Simple Code Example:
The following CDB setting is used to illustrate a dynamic VPD policy in action. (There are a few types of VPD polices such static, shared-static, and shared context-sensitive. These different types decide when to re-evaluate VPD polices as they use different caching strategies. For dynamic VPD policies, no caching strategy is used and policies are evaluated every time the a related statement is parsed or executed.)

Figure: CDB with a single PDB

Create the necessary users and grant privileges.
SQL> CONN sys/password@cdb1_pdb1 AS SYSDBA

User created.

User created.

User created.

User created.

User created.

SQL> GRANT CREATE SESSION TO hr, bob, anne, tim, vpdadmin;
Grant succeeded.

Grant succeeded.

Notice that one needs execute privilege on DBMS_RLS package in order to manage VPD policies.
Grant succeeded.

Grant succeeded.

SQL> CONN hr/hr@cdb1_pdb1
SQL> CREATE TABLE emp (ename VARCHAR2(50), title VARCHAR2(50), manager VARCHAR2(50), deptid NUMBER, salary NUMBER);
Table created.

SQL> INSERT INTO emp (ename, title, manager, deptid, salary) VALUES ('bob', 'manager', NULL, 1, 10000);
1 row created.
SQL> INSERT INTO emp (ename, title, manager, deptid, salary) VALUES ('alice', 'engineer', 'bob', 1, 8000);
1 row created.
SQL> INSERT INTO emp (ename, title, manager, deptid, salary) VALUES ('tim', 'engineer', 'bob', 1, 8000);
1 row created.
SQL> INSERT INTO emp (ename, title, manager, deptid, salary) VALUES ('eve', 'analyst', 'bob', 1, 7500);
1 row created.
SQL> INSERT INTO emp (ename, title, manager, deptid, salary) VALUES ('anne', 'manager', NULL, 2, 10500);
1 row created.

SQL> INSERT INTO emp (ename, title, manager, deptid, salary) VALUES ('denis', 'engineer', 'anne', 2, 9000);
1 row created.
SQL> INSERT INTO emp (ename, title, manager, deptid, salary) VALUES ('jack', 'engineer', 'anne', 2, 9500);
1 row created.

SQL> GRANT SELECT ON emp TO bob, anne, tim;
Grant succeeded.

Now vpdadmin user creates the VPD policy; first creates the policy function and then uses it to create the policy.
SQL> CONN vpdadmin/vpdadmin@cdb1_pdb1
SQL> -- Should have two input arguments and a return value - all of them are
SQL> -- of type VARCHAR2
SQL> -- Return value should be a predicate (that fits in the WHERE clause).
  2    (schema_v IN VARCHAR2, tbl_v IN VARCHAR2) RETURN VARCHAR2 IS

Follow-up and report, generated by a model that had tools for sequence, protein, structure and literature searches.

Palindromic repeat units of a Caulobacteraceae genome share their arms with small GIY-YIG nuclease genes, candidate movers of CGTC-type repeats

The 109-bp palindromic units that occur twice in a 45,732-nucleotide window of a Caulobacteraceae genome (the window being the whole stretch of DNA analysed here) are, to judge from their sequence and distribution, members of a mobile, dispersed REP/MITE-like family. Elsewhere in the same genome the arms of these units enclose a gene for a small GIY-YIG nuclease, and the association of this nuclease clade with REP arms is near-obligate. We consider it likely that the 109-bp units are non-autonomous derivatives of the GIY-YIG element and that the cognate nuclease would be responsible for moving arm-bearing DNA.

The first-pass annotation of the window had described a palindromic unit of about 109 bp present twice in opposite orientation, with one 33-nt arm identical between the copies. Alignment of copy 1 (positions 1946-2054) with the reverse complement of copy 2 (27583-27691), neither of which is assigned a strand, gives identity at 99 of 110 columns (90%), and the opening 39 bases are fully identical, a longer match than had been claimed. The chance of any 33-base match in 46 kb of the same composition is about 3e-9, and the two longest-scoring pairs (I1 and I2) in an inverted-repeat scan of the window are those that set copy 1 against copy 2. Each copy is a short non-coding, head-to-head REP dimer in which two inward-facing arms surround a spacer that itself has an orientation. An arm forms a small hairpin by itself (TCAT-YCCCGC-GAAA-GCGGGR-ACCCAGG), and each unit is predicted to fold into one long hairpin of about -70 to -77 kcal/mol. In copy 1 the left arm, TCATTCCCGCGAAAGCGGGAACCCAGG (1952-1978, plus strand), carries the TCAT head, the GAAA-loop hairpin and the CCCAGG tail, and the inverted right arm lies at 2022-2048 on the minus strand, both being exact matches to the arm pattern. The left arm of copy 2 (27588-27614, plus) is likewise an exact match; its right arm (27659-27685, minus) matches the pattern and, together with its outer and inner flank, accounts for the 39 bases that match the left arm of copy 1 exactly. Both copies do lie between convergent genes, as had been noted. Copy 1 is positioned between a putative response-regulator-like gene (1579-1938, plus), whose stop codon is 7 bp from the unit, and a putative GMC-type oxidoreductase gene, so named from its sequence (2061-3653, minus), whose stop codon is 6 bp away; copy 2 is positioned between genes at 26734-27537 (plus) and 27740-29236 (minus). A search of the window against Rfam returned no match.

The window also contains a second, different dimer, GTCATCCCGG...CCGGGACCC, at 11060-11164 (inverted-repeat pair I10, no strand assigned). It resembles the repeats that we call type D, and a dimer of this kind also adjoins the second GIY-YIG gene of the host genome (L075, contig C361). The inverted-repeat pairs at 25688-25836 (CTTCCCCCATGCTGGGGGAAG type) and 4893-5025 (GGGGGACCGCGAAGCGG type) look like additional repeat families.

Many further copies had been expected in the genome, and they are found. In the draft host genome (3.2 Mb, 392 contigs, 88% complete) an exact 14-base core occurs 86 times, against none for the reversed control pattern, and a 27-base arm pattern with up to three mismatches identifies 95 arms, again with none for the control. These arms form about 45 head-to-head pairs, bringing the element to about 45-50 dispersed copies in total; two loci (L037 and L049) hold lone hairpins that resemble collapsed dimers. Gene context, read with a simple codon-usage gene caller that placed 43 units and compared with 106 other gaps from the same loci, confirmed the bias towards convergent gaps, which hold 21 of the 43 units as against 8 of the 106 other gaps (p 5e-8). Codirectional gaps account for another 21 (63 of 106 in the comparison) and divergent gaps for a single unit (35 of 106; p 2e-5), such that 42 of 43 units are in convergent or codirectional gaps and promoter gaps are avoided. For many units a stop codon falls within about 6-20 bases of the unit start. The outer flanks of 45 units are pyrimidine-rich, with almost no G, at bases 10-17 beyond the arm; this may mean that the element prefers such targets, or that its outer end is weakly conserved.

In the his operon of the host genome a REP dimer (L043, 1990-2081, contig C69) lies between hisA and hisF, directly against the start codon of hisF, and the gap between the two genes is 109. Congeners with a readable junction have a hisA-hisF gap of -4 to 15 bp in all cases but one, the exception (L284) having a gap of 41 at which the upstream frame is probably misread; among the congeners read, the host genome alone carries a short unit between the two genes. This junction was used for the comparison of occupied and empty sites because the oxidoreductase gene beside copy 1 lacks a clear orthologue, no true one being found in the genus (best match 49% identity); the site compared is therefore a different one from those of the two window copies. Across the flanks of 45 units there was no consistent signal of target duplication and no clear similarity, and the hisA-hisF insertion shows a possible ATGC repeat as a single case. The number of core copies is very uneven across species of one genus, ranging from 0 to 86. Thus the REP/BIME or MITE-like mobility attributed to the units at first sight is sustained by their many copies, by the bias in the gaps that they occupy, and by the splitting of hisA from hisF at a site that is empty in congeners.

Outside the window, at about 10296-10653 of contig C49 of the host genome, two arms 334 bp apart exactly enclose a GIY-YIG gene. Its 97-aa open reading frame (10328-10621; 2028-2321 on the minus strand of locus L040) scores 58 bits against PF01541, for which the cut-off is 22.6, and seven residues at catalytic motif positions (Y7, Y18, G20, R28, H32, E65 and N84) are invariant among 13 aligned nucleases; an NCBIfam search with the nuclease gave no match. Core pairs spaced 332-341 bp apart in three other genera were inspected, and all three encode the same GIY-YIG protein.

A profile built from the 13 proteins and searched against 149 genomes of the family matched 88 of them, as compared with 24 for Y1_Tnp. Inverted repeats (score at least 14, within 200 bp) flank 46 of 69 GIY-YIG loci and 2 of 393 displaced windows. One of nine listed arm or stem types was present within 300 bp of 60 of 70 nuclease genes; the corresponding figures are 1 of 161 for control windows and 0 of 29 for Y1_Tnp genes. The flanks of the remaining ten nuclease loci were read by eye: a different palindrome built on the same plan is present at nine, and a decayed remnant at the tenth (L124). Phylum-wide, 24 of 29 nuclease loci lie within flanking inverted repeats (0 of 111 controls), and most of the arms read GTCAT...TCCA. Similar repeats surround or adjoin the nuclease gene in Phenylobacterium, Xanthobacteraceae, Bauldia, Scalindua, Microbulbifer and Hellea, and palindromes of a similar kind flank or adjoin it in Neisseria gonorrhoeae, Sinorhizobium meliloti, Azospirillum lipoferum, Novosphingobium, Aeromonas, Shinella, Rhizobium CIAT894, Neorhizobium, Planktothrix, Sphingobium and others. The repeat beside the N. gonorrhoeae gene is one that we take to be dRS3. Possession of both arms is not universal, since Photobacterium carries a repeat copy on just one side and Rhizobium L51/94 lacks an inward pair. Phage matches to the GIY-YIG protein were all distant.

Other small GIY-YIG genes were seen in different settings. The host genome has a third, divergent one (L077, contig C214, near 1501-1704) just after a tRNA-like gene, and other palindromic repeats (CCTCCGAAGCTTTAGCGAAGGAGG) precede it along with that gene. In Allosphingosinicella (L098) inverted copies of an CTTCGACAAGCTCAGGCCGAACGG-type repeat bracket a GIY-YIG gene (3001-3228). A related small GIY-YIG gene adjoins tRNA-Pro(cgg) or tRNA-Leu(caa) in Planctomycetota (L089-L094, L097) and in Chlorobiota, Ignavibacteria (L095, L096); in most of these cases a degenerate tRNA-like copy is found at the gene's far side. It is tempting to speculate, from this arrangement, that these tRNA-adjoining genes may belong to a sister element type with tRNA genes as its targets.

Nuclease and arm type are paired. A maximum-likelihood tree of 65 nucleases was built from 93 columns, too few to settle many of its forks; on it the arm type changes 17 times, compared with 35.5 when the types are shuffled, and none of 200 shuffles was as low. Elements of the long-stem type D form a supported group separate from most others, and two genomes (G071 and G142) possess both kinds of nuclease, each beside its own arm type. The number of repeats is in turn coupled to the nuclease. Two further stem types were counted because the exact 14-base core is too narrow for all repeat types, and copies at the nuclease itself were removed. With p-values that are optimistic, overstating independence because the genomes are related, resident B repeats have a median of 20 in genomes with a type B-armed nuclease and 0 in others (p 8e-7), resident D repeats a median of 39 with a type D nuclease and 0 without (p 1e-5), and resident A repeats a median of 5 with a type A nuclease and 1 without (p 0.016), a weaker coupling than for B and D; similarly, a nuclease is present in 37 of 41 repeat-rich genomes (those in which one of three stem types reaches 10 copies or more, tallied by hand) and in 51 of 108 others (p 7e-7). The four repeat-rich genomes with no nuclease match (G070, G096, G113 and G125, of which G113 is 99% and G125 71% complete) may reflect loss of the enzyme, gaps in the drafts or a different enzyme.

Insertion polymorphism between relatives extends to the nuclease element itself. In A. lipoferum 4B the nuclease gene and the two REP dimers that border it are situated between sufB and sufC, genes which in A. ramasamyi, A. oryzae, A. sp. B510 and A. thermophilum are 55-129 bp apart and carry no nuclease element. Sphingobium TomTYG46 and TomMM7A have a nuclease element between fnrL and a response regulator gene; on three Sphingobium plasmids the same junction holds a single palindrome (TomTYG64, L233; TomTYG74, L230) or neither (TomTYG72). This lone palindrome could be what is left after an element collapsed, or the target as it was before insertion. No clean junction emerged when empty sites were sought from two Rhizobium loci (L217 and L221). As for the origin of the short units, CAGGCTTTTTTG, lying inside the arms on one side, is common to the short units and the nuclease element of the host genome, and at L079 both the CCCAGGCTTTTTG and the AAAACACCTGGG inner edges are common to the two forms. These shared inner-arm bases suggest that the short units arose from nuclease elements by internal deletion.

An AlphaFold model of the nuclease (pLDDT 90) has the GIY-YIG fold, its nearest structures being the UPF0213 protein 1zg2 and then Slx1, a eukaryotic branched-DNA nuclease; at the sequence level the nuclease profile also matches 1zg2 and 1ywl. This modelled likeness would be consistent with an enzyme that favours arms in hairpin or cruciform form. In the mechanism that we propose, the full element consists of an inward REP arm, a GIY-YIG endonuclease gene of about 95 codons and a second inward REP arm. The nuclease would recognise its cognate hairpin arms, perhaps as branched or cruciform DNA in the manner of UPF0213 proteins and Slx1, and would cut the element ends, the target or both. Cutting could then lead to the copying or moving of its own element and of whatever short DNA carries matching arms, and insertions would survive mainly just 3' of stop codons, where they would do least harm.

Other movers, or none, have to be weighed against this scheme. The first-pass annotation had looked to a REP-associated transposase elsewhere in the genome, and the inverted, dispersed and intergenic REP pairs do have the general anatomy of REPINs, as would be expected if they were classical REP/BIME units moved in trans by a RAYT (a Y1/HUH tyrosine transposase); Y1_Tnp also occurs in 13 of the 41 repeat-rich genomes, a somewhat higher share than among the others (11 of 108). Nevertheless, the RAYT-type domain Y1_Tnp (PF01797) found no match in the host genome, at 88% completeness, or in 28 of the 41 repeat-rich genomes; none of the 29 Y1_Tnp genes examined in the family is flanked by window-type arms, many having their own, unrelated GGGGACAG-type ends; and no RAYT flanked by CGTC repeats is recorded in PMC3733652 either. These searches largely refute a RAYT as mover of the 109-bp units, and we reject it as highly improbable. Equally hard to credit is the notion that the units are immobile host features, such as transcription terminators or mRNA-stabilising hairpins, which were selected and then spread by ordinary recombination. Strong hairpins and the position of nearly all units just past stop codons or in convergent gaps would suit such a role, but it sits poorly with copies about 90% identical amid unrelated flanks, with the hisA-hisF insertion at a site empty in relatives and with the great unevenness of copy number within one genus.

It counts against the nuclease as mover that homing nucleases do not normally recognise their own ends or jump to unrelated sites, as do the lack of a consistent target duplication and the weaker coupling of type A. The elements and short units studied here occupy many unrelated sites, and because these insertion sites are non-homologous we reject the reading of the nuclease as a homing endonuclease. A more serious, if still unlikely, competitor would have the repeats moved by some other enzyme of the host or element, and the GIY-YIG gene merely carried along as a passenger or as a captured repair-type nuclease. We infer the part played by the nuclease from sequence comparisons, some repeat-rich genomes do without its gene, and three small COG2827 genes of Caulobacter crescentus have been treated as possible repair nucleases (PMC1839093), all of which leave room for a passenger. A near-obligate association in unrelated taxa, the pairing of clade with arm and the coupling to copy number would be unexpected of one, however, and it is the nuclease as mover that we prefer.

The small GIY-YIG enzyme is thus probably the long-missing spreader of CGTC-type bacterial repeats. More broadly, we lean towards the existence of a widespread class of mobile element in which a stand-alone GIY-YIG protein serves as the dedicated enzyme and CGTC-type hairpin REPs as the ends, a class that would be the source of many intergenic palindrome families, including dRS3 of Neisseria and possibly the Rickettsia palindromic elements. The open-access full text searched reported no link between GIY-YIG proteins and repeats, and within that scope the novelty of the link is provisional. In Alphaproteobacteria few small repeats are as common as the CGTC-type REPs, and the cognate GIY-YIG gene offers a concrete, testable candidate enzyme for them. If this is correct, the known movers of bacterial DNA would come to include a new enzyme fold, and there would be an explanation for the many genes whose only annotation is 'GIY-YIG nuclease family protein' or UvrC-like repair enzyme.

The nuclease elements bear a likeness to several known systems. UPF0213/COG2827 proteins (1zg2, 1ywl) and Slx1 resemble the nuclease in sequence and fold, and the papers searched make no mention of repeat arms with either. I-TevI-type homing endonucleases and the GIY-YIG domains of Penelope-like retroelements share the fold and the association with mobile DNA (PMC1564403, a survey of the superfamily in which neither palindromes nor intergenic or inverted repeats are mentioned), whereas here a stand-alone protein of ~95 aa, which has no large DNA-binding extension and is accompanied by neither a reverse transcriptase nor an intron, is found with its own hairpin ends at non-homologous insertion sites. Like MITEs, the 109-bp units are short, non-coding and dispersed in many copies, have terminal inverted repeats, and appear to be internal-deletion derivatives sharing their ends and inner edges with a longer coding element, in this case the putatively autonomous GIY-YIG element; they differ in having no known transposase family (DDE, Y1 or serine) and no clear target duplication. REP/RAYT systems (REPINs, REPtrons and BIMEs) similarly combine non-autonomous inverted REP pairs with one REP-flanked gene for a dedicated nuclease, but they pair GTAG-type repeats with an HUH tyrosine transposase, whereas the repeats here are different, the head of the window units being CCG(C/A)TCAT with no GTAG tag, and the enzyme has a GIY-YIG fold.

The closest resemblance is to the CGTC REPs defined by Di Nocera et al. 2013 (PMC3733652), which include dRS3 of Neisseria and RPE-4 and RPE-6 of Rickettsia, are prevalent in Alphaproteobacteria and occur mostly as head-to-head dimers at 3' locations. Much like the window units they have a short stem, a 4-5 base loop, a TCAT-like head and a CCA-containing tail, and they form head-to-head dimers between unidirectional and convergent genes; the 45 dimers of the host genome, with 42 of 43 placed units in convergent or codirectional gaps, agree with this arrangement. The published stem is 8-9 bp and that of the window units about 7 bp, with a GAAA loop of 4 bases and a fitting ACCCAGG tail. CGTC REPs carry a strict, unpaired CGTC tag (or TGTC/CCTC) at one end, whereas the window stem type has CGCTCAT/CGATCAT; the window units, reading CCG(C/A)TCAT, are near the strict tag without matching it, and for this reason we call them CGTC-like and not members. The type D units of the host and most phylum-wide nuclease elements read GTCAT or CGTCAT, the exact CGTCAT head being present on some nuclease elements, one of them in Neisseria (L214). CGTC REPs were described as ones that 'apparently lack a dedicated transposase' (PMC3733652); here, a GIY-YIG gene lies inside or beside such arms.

3    BEGIN
  4      RETURN 'upper(ename) = SYS_CONTEXT(''USERENV'', ''CURRENT_USER'') OR upper(manager) = SYS_CONTEXT(''USERENV'', ''CURRENT_USER'')';
  5    END;
  6  /
Function created.

SQL> -- create VPD policy
SQL> -- Note: for INSERT statements, you need to specify update_check => true as well
  3      object_schema   => 'hr',
  4      object_name     => 'emp',
  5      policy_name     => 'emp_vpd1',
  6      function_schema => 'vpdadmin',
  7      policy_function => 'get_emp_pred',
  8      statement_types => 'select'
  9    );
 10  END;
 11  /
PL/SQL procedure successfully completed.

SQL> column ename format a10;
SQL> column title format a10;
SQL> column manager format a10;
SQL> column deptid format 99;
SQL> column salary format 999999;
SQL> CONN bob/bob@cdb1_pdb1
SQL> select * from hr.emp;

---------- ---------- ---------- ------ -------
bob        manager                    1   10000
alice      engineer   bob             1    8000
tim        engineer   bob             1    8000
eve        analyst    bob             1    7500

SQL> CONN tim/tim@cdb1_pdb1
SQL> select * from hr.emp;

---------- ---------- ---------- ------ -------
tim        engineer   bob             1    8000

SQL> CONN anne/anne@cdb1_pdb1
SQL> select * from hr.emp;

---------- ---------- ---------- ------ -------
anne       manager                    2   10500
denis      engineer   anne            2    9000
jack       engineer   anne            2    9500

Now we are going to clean up.
SQL> CONN vpdadmin/vpdadmin@cdb1_pdb1
  3      object_schema => 'hr',
  4      object_name   => 'emp',
  5      policy_name   => 'emp_vpd1'
  6    );
  7  END;
  8  /